NICOLE’S PICK-ME-UP: Environmentalism and sustainability are buzzed about in fashion marketing and corporate boardrooms, but Nicole Miller walked the walk — literally — to help clean up Sag Harbor’s Long Beach Sunday.
Partnering with the Group for the East End, the designer and 50 volunteers combed the shoreline and nearby grounds. A strip of grass between the beach and a parking lot tends to be where people toss bottles and other debris, Miller said. “It’s a very clean beach. It looks pristine, but there were a lot of things hidden in the greenery that you wouldn’t automatically notice,” Miller said. “We found everything from styrofoam to cardboard to bottles — I found a cigar, Popsicle sticks, straws, a lot of gum wrappers. I’m always against gum chewing so that really infuriates me.”
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The clean-up crew included artists Donald Sultan and April Gornik, models Susie Malignon and Bonnie Pfeiffer and former Page Six-ers Richard Johnson and Paula Froelich. “Everybody was chicly dressed, I must say, for the beach pick-up,” Miller said.
In an hour, 220 pounds of debris was collected with plastic straws — 65 in total — being the most common item. Sunday’s outing reminded Miller of trips to Santo Domingo and Belize where beachfront trash is ample. “I don’t know why those countries don’t get organized more to clean up more. Even though our beaches have trash, they are in much better shape than if you go to some other places,” Miller said. “‘Stop using so much plastic’ is one of the important messages that I am always trying to get out there. Even if you do use plastic, you have to make sure that you get it recycled. In my office, their trash will not be emptied if they have anything recyclable in their regular trash.”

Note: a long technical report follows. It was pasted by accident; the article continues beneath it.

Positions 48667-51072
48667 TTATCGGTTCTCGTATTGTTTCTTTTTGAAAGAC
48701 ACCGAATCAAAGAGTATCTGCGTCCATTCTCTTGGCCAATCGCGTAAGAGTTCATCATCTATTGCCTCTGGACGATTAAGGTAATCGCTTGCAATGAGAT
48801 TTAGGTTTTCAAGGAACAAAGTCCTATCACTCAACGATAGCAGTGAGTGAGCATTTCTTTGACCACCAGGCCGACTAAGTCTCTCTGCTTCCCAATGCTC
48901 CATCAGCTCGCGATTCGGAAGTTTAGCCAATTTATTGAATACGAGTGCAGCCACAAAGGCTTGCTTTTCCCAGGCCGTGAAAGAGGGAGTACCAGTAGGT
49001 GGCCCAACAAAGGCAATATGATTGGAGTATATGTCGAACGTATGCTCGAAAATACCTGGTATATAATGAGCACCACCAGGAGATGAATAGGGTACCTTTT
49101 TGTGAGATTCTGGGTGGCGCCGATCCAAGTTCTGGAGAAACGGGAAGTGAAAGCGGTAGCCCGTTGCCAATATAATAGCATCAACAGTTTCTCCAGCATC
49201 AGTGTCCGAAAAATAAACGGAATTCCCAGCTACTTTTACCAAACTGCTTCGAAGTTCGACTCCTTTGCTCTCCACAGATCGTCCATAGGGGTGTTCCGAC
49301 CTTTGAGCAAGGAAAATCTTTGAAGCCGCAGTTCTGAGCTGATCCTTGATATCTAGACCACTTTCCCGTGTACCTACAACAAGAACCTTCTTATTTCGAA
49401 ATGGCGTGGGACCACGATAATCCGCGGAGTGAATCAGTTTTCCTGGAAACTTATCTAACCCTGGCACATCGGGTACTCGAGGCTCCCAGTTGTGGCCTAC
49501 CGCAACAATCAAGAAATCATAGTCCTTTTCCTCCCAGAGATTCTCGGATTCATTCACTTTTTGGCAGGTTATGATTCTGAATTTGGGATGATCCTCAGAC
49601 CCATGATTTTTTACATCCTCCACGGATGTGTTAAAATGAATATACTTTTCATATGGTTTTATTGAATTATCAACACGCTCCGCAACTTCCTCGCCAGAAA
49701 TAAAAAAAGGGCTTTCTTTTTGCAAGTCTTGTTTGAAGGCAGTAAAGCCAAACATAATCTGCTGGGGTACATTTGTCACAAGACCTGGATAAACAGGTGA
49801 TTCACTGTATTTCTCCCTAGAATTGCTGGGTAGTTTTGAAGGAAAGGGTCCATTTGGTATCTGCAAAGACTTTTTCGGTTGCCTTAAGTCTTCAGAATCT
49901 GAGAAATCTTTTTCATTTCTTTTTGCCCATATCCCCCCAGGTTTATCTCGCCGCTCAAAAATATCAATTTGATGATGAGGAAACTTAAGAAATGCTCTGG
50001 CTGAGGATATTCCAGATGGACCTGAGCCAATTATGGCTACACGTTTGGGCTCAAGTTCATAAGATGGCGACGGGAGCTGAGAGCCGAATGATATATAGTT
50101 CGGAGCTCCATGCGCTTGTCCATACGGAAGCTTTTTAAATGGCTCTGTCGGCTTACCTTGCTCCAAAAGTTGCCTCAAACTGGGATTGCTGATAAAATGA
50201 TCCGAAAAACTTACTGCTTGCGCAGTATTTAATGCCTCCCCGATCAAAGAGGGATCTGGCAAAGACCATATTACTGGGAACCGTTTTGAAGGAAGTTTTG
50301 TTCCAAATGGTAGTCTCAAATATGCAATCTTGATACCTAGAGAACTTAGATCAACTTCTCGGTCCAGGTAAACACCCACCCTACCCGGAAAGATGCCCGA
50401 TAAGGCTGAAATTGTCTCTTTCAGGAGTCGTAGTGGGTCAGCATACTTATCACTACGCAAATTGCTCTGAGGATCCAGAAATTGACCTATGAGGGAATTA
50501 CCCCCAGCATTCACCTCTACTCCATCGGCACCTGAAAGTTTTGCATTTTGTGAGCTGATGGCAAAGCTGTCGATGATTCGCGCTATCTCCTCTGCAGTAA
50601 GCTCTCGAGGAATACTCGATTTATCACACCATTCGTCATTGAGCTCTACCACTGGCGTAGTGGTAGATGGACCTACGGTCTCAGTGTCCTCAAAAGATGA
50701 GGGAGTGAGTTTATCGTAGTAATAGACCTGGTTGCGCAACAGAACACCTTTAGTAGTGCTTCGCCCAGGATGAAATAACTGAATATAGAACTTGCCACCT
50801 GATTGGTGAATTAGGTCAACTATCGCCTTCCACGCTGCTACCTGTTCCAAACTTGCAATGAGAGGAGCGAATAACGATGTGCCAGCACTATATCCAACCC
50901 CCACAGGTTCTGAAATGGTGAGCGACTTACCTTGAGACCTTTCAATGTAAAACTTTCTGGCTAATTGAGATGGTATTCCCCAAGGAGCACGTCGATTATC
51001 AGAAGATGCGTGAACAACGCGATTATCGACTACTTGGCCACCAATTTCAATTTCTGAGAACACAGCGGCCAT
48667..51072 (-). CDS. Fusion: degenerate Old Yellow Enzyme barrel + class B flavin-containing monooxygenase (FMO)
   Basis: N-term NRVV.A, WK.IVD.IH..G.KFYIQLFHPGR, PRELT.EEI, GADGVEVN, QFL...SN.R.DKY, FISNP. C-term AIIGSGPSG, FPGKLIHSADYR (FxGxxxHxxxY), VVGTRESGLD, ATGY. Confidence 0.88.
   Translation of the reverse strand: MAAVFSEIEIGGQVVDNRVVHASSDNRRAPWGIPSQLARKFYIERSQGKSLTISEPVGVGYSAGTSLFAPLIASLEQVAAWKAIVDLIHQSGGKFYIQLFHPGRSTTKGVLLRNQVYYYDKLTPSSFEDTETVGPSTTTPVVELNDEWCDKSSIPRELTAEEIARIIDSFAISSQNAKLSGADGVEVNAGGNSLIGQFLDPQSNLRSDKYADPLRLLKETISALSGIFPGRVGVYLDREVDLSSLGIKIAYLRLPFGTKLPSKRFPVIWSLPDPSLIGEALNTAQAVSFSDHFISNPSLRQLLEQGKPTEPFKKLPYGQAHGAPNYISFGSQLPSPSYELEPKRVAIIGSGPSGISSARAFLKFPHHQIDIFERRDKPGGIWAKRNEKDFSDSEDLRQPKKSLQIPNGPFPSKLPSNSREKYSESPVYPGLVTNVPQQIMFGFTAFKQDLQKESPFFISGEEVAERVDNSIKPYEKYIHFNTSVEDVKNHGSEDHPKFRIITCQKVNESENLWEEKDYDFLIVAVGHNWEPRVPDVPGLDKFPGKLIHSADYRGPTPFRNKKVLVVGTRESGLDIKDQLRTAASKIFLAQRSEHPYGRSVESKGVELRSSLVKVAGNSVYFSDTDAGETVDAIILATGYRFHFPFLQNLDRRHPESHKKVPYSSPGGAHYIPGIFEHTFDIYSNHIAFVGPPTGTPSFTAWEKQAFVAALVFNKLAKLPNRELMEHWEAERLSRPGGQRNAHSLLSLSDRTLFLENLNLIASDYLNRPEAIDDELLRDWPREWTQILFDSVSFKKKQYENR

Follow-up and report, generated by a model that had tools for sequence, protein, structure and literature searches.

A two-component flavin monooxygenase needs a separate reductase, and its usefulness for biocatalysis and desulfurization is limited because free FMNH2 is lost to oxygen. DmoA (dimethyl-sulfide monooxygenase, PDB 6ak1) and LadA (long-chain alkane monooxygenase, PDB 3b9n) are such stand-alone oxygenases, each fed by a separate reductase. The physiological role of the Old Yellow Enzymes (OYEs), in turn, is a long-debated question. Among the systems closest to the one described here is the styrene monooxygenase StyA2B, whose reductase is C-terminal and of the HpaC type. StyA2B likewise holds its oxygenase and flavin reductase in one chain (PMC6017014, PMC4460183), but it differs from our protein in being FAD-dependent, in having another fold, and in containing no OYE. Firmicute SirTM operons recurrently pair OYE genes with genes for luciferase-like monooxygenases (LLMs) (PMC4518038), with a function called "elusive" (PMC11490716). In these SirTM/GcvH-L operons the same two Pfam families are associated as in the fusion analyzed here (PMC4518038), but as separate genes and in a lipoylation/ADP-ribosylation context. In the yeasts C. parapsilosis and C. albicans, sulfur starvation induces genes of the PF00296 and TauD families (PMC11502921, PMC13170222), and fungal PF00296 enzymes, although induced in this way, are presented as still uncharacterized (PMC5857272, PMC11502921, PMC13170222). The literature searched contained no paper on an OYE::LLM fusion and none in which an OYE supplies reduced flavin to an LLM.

The clean-up crew was rewarded with an afternoon tasting of Miller’s signature rosé at Bilboquet. (The rosé is made with organically grown grapes from Chateau Auguste.) Next up, Miller will stage her show on Sept. 8 at Spring Studios — the first since the death of her longtime business partner Bud Konheim. Forgoing any “fancy sets,” thematic, videos or other special effects, the show will be more in line with her more austere mode. “I just feel that sometimes it detracts. One time we showed vintage movie clips when people walked in. I’m sort of into more of a clean approach — just showing the clothes these days. But we will be having a rosé toast instead of a Champagne toast. Afterward, everybody can come backstage to have a glass of rosé.”